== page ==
Roof Vent Covers
If you order two of these, expect a very large Amazon box! Roof top vent covers appear smaller on your rig 🙂 These have been a nice addition to our rig to keep out the elements allowing us to keep our vents open in almost any weather. For winter camping, they are essential to create proper ventilation, especially if you’re funning a propane heater inside your RV.
Light in the Utility Bay
There are two spots that are most likely to freeze when winter camping – your outlet and inlet. One way to help reduce freezing when the water comes into your rig is by installing a light in your utility closet. This light fixture will help you install the light safely, but keep in mind that this metal can still get hot and left unattended could be a fire hazard.
One thing that was not mentioned in the video was that fact that we don’t use a water filter when winter camping. The filter seems to freeze too easily and stops the water flow.
As we mentioned in the video, insulating a hose with heat tape is a pain and takes too much time when just staying one or two nights at an RV park while winter camping. Or temperatures are on the cusp of not needing to bring your hose inside and store in the bathroom shower or tub. For these situations, a Camco heated hose is ideal.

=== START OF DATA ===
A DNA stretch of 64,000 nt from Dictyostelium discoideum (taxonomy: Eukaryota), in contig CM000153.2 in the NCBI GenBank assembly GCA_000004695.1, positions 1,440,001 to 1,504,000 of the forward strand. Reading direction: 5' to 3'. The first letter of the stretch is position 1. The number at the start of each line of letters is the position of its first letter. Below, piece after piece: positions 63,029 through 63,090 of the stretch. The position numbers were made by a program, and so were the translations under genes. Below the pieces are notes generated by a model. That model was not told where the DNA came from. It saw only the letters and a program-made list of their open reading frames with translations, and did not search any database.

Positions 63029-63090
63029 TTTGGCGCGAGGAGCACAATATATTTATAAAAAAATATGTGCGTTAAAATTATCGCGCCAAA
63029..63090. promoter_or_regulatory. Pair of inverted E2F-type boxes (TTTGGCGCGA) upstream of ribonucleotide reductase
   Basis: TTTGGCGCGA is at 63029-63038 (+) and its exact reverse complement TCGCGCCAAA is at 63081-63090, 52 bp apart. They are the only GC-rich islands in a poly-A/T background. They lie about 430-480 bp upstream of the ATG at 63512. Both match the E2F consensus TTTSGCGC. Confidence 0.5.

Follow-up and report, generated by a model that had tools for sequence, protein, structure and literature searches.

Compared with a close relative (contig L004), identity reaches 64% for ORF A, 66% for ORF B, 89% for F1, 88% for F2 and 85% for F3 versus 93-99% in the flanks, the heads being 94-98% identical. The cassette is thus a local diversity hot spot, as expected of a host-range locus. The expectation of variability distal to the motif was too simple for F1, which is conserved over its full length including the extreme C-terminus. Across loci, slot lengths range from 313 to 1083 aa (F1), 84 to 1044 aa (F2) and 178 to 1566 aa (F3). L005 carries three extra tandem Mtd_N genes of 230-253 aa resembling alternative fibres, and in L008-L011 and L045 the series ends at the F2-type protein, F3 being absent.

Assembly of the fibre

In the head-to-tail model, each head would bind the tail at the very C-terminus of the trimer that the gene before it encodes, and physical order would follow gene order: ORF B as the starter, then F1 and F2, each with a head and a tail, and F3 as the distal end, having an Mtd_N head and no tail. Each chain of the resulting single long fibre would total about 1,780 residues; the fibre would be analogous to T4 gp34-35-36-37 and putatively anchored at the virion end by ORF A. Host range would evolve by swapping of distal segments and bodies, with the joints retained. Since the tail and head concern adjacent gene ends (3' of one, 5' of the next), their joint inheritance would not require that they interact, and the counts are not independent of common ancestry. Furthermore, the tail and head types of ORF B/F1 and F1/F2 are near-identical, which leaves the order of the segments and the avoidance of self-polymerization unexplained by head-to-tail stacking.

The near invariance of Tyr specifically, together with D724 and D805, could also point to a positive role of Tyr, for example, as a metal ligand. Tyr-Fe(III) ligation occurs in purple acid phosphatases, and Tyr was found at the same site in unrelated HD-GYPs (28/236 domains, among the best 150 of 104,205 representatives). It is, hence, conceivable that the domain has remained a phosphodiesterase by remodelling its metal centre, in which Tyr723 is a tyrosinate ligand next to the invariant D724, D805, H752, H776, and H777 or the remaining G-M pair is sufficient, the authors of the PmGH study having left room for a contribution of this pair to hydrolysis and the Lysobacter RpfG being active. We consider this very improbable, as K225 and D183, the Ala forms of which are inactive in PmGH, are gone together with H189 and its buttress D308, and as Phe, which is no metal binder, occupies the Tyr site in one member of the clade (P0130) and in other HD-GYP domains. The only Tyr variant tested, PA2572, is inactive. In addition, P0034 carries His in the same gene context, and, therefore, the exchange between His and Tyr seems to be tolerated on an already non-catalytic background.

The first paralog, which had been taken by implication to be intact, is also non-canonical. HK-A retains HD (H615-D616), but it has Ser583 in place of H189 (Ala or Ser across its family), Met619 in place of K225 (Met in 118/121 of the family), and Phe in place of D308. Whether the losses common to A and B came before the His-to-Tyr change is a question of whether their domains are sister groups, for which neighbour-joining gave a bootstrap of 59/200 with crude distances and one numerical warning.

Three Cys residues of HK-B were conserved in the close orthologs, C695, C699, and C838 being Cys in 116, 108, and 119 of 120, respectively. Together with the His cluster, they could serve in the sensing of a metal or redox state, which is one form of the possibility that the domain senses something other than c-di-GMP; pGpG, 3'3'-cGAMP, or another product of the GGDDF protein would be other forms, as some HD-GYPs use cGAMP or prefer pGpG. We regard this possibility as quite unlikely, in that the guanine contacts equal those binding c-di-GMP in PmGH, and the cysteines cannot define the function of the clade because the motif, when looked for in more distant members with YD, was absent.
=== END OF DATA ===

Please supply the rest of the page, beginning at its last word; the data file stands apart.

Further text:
A more detailed review of this hose will be coming soon as I commonly question the reliability of any Camco product.
Keeping Water/Snow Outside
- Sealant: This was our least favorite job on the rig but arguably one of the most important.
- Check for Leaks: The front end of our rig (nose) as been coming apart since day one. This hasn’t slowed us down on our tour through the US or down to Mexico because it has been warm with little rain. However, it was imperative that we fix the issue before we headed into new moisture extremes. Watertight
If you’re planning winter camping or being in cold temperatures for a long-time or want the convenience of running water and a warm rig on a winter vacation, an RV skirt is essential. As we mentioned in the video, we were a bit skeptical on how effective an RV skirt would be really be and how long it would take to setup and we were surprised on both accounts.
The EZ Snap RV Shirt kept our Travel Trailer roughly 20 degrees warmer than the outside temperature most of the time and it only took 11 min to snap and setup. The installation process was simple. It took Trish and I about 1 day to setup (2 half days).
Click the image below to check out EZ Snap RV Skirting for your rig.
We’ve had issues with our slide since the very beginning. We finally properly repaired our slide by using non-sag Dicor to close the gap on our slide and then added self-leveling Dicor on top for extra protection. If that wasn’t enough, we added 4″ Eternabond tape to cover the seem completely. Now that the slide was fixed, it was time to keep the moisture off completely with a Carefree of Colorado Slide Topper. Not only is the snow not on our slide, but no leafs or debris. Click the image below to check out a slide topper for your rig.
Do you even more suggestions for Winter Camping? Add them to the comments below and if they are super good…we’ll update the blog. This blog will be updated with new ideas all the time, so check beck next winter for even more ideas to help you stay warm in your RV!